"We’ll be back if these conditions are not met," he said. "The reality is, with all the media attention we’re getting right here and all this conversation, we’re going to be back with a whole lot more folks."

No commitments to meet demands 

Once outside the Legislative Building, Proffitt called the meeting "a win" for the Moral Monday movement, eliciting cheers from well-wishers who had waited for the protesters to emerge. 

"To my understanding, this is the first time this has happened in this kind of way in the last couple of years," he said. "So, I think it represents a win for the movement, because I think we have put enough pressure on them that they realize they have to have a real conversation with us." 

Toward the end of Monday's sit-down, Berger handed protesters a 26-page amendment to the state budget bill his chamber passed earlier this month. He said the legislative language in the document would have addressed many, if not all of the demands put forward by the Moral Monday movement and its leader, Rev. William Barber. 

"We were unable to find a sponsor," Berger said of the language.

Those changes would have cost billions and required a hike in the corporate tax rate from 6 percent to 50 percent, according to an analysis by the legislature's fiscal research staff.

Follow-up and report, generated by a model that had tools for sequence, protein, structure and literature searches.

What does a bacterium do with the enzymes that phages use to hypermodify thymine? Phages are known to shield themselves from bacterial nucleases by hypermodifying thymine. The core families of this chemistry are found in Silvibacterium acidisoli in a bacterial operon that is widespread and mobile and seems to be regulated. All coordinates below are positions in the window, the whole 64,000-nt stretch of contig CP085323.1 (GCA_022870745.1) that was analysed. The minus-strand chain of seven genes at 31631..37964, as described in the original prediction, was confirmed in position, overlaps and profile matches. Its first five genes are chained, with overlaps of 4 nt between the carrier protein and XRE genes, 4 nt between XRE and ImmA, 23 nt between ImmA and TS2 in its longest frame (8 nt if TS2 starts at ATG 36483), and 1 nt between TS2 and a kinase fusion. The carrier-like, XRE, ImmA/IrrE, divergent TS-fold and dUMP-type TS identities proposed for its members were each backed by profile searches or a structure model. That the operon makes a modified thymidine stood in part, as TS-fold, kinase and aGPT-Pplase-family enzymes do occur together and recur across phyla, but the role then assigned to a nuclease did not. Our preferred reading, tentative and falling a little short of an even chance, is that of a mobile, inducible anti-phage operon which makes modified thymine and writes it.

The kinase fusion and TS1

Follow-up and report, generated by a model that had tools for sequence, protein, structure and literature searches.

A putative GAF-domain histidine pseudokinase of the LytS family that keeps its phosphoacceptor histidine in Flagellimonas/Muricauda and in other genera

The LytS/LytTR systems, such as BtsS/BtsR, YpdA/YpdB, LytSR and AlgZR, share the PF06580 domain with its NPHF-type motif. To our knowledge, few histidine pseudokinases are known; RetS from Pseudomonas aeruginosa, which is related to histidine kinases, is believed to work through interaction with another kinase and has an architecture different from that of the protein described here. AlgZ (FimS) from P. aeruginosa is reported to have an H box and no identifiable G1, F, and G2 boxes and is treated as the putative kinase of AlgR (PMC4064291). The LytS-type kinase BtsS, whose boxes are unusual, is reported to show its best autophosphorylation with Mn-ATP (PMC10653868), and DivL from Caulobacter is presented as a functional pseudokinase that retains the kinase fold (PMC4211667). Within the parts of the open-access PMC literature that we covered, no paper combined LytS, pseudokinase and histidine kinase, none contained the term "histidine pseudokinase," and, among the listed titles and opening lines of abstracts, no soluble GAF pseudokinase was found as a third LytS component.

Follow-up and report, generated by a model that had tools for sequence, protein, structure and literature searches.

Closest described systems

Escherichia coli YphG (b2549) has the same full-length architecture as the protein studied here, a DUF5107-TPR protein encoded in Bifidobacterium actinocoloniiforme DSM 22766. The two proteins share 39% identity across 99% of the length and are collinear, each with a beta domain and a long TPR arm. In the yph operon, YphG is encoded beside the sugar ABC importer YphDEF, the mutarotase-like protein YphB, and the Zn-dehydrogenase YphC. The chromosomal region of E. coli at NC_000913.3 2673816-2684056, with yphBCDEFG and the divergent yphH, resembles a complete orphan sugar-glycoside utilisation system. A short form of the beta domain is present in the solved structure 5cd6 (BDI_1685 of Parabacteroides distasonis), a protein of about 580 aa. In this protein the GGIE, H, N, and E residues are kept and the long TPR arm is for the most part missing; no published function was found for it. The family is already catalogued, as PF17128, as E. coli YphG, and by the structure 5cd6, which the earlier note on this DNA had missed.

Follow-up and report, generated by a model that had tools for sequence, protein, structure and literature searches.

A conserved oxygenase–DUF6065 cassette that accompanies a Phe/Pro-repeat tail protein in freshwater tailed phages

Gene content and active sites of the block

Before the end of the conversation, protesters confronted the Senate leader on a number of topics, including the Read to Achieve program he championed, which requires third-grade students to read on grade-level before moving on to the next grade. Proffitt and the other teachers assembled said the program led to too much testing and didn't address problems soon enough.

"Third grade is way too late," said Kristin Beller, a teacher at Millbrook Elementary School. By third grade, she said, students should already have a foundation in reading, but many students start their elementary education far behind where they should be.